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The story of a newspaper, the story of a country

Oct 26,2015 - Last updated at Oct 26,2015

The Jordan Times today celebrates its 40th anniversary with an eye on the future, and countless past moments to treasure.

The paper, which first hit newsstands on October 27, 1975, has a rich history full of achievement, struggle, success and tears. 

On such a day, we remember and pay tribute to colleagues we have lost, like Abdullah Hasanat, Jenny Hamarneh, P.V. Vivekanand, Ara Voskian, Raed Kanaan and Tareq Ayoub.

We also remember former colleagues who contributed a lot to the success of this newspaper and who have left us to serve in other positions or have retired, including George Hawatmeh, Ayman Safadi, Rami Khouri, Walid Sadi, Rana Sabbagh, Elia Nasrallah, Rania Atallah, Khalid Dalal, Maaz Shukayr and many, many others. 

We proudly remember these colleagues who have left us a great legacy that we treasure and which we are struggling to preserve despite all the odds and challenges that we face, some from within and some from without.

Holding the fort today, I take pride in all members of my team, and offer them my best wishes on this occasion and thank them for their great efforts.

A look at our archives of daily newspapers over these 40 years show our changing times  — from the changing faces of people, sources and bylines, to the varying styles of haircuts and clothes, and the shift from black-and-white print to coloured pages, then from print to digital. But most importantly the archives tell the evolving story of our country, our beloved Jordan, a story we believe no one tells like we have been doing. 

We, former and current team members, have always struggled throughout the long hours of the day and night to narrate to our readers happenings in our country and our volatile region. We have tried to beat the odds to come up with balanced, timely, objective, in-depth stories, fighting all the time to get information, to get sources to talk, and to meet deadlines extending to midnight and beyond. 

The archived issues of The Jordan Times show that we have been telling almost similar stories of regional upheavals that continue up until now, of refugee camps in Jordan and the lack of international assistance, the world’s inability to deal with Middle East problems, and of Jordan attempting, despite these upheavals, to focus on its internal scene and resolve its domestic problems, represented mainly in a lack of resources and continuous influxes of refugees.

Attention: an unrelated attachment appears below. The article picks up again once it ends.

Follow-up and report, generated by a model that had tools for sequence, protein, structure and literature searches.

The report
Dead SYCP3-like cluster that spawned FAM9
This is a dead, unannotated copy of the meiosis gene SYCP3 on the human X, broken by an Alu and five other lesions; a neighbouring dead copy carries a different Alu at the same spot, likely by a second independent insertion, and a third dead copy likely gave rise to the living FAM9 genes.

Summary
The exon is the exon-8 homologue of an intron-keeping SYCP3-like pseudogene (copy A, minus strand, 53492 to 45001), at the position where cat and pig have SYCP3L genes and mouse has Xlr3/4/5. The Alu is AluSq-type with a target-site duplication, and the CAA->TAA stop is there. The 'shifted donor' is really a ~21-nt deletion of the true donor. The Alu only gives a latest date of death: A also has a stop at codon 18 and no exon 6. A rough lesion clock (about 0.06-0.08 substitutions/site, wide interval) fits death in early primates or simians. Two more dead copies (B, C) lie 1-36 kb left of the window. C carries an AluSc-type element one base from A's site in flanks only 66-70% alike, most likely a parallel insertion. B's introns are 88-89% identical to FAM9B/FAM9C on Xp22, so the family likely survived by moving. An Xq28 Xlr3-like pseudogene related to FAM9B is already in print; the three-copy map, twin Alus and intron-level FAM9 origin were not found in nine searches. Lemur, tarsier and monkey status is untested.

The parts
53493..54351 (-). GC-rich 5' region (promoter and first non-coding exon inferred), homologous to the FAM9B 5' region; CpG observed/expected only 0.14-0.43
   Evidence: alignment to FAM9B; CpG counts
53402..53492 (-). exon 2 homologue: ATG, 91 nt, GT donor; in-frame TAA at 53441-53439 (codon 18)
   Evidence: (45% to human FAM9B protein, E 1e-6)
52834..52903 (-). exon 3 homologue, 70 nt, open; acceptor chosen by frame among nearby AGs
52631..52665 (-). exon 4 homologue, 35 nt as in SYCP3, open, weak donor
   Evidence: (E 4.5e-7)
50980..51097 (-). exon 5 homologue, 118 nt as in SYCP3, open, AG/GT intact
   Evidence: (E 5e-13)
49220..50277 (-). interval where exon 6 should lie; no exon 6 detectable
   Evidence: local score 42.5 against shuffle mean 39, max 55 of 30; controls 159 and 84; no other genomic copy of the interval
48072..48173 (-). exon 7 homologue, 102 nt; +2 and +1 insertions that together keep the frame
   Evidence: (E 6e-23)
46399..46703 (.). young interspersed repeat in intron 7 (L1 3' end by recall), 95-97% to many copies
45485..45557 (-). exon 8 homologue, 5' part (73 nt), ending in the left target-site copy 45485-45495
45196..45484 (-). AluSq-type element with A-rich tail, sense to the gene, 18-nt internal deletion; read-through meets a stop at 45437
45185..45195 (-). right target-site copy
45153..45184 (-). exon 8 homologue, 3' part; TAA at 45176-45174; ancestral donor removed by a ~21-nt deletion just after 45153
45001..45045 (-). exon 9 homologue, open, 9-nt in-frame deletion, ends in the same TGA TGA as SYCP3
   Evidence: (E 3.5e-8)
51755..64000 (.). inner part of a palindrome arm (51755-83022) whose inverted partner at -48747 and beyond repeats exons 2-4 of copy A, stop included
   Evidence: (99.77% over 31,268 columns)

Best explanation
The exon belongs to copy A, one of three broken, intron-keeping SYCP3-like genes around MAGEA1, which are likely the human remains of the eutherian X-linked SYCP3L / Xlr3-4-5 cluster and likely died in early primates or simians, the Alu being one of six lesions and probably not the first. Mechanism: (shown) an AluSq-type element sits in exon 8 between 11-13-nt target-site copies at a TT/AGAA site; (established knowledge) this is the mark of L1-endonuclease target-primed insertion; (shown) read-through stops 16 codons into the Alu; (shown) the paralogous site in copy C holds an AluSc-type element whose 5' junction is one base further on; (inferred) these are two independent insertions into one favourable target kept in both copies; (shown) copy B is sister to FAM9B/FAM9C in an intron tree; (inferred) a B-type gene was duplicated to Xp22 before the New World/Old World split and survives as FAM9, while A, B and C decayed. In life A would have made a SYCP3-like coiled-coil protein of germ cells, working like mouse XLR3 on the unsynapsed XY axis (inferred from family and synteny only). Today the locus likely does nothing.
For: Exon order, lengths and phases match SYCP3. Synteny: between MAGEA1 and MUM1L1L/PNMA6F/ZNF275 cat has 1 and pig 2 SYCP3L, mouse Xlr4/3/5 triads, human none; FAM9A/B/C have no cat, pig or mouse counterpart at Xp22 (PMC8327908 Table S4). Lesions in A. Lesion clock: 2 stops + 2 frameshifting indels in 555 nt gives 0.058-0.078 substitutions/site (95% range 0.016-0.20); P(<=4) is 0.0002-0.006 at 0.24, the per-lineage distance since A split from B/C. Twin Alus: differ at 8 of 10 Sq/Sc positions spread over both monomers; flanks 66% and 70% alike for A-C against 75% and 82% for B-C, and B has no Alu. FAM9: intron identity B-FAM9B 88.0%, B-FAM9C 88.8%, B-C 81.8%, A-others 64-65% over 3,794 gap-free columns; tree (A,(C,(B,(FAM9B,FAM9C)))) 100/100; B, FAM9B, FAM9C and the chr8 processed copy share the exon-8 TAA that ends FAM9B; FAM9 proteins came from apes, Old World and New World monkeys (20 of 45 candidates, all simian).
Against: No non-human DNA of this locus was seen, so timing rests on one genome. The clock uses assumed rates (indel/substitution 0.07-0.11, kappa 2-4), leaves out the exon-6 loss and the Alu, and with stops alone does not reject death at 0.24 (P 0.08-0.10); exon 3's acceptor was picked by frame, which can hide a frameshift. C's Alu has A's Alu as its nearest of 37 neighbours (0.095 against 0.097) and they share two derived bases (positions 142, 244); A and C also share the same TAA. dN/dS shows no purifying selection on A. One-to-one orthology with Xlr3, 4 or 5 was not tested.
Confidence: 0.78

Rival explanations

A look back shows how much Jordan has achieved over these past four decades that were the lifetime of this newspaper in spite of the enormous challenges, and more importantly, the limited resources it has.

The story of our small newspaper is the story of our country.

We take pride in the fact that The Jordan Times gave Jordan some of its best journalists, some of whom have become leading politicians or activists, some who moved to establish or work at other newspapers or foundations, or are successfully working for media organisations around the world.

Our Jordan Times has been a leading example in professionalism and the fight for media freedoms, human rights, objectivity, pluralism and integrity. 

Now, like other newspapers in Jordan and around the world, we face a common challenge that we at The Jordan Times are viewing as an opportunity: the digital media.

Digital and social media are posing the biggest challenge to the newspaper industry ever, threatening to bring an end to the age of print media. But we have taken this challenge as an opportunity, achieving great success in the field and gaining new readers across the globe, thanks to our website and social media presence. Our website every day attracts thousands of people who would have never been able to access us without the current digital revolution; our Facebook page has almost 200,000 likes, our Twitter account has some 110,000 followers, and the figures are continuously on the rise.

Now all we need is to have our management invest in this digital presence and turn it into a financial success that would serve our shareholders inasmuch as it is serving our readers, to whom we hope to be able to give more wherever they are.

I thank our readers for their loyalty, and again thank all members of The Jordan Times family, past and present, for all their hard work and dedication.

 

I wish my Jordan Times family a happy birthday.

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